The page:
> on the GE handbook, I downloaded it and indeed that circuit on pg 293
> looks perfect for this project...

> One question tho, you said something about it needing a capacitor and looking at the
> schematic I don't see one...

Fig 10.5 is a "quick-n-dirty" circuit that works, but has issues at the
low-speed end. Have you used a cheap light dimmer, and noticed that the
brightness is unstable at the dim end of the range? Same thing with that
circuit; the motor speed will be unstable at the low end.

Look a little farther in the book, at fig. 10.6 and 10.7. These are
improved circuits that add a 0.2uF capacitor and 2N4987 trigger device.

The 2N4987 is an oddball part from GE that is hard to get today. Newark
has them for $5.68

http://www.newark.com/nte-electronics/2n4987/t-unilateral-switch/dp/75R9697?CMP=AFC-OP

The 2N4987 is what GE called an SUS. It is really just two transistors
(one NPN, one PNP, a resistor, and a zener diode). These are all 10 cent
parts, so you can make it yourself. The GE datasheet shows the circuit.

Or, you can replace it with a modern part. Every manufacturer has a
different name for it. Common variations are SIDAC or DIAC. I'd try the
MCC DB3-TP, www.digikey.com DB3-TPMSCT-ND $0.21 each.

> Thanks again, I really appreciate you you taking the time to offer
> advice. Dach.

You're welcome! Best success with your project. :-)
--
It is vanity to do with more that which can be done with less.
         -- William of Ockham
--
Lee Hart, 814 8th Ave N, Sartell MN 56377, www.sunrise-ev.com
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Re: Cheap DC motor control anyone?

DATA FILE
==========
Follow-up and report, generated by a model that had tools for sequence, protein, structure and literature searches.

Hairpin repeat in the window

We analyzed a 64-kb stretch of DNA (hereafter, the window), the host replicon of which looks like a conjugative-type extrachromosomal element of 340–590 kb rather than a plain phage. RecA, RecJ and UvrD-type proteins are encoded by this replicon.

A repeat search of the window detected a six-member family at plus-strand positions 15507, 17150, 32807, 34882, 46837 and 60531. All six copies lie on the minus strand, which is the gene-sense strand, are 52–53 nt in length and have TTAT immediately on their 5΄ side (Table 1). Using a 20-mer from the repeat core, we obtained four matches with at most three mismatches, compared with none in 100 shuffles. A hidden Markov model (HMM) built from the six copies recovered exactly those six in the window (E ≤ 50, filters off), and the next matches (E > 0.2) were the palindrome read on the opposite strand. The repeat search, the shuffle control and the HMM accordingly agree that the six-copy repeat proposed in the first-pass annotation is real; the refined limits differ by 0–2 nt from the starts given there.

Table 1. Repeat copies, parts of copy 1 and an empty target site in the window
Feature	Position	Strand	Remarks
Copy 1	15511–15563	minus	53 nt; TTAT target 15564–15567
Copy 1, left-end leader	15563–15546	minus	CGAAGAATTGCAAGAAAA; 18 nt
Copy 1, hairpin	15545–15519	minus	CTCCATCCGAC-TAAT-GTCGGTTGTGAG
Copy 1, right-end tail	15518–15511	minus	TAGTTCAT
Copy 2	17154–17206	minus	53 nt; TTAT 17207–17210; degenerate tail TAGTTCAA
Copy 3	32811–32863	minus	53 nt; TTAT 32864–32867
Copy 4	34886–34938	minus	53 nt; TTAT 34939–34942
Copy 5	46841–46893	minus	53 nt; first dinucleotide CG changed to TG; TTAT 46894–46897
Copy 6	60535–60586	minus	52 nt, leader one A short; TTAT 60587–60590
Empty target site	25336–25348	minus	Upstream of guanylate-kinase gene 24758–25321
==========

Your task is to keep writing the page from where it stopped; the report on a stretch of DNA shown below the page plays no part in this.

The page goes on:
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In reply to this post by Electric Vehicle Discussion List mailing list
> From: Lee Hart <[hidden email]>
>
> David Chapman via EV wrote:
>> Lee I really appreciate the lead
>> on the GE handbook, I downloaded it and indeed that circuit on pg 293
>> looks perfect for this project…

So, it sounds like one of the goals of the project is to put something together from components?

Because I thought Lee’s idea of finding a variable-speed electric drill at a thrift store or yard sale was really an excellent idea.

You can probably do so for less than the costs of buying components, especially if you’re going to pay “single piece” shipping on them.

And the drill speed control has the advantage of having been designed for motor speed control. Newer ones even use pulse-width-modulation, which you can tell if it makes a squealing or whistling sound at low speed. That sort of controller is going to give you the best low-speed control, with lots more torque.

:::: The more the work is left to nature, the greater the net yield but the longer the time required... Thus sometimes the most apparently productive and high-yielding sources of energy involve a lot of activity for little return, while long-term investments, especially in naturally grown forests, provide the greatest value for future generations. -- David Holmgren <http://www.lmgtfy.com/?q=David+Holmgren>
:::: Jan Steinman, EcoReality Co-op <http://www.ecoreality.org/> ::::

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Re: Cheap DC motor control anyone?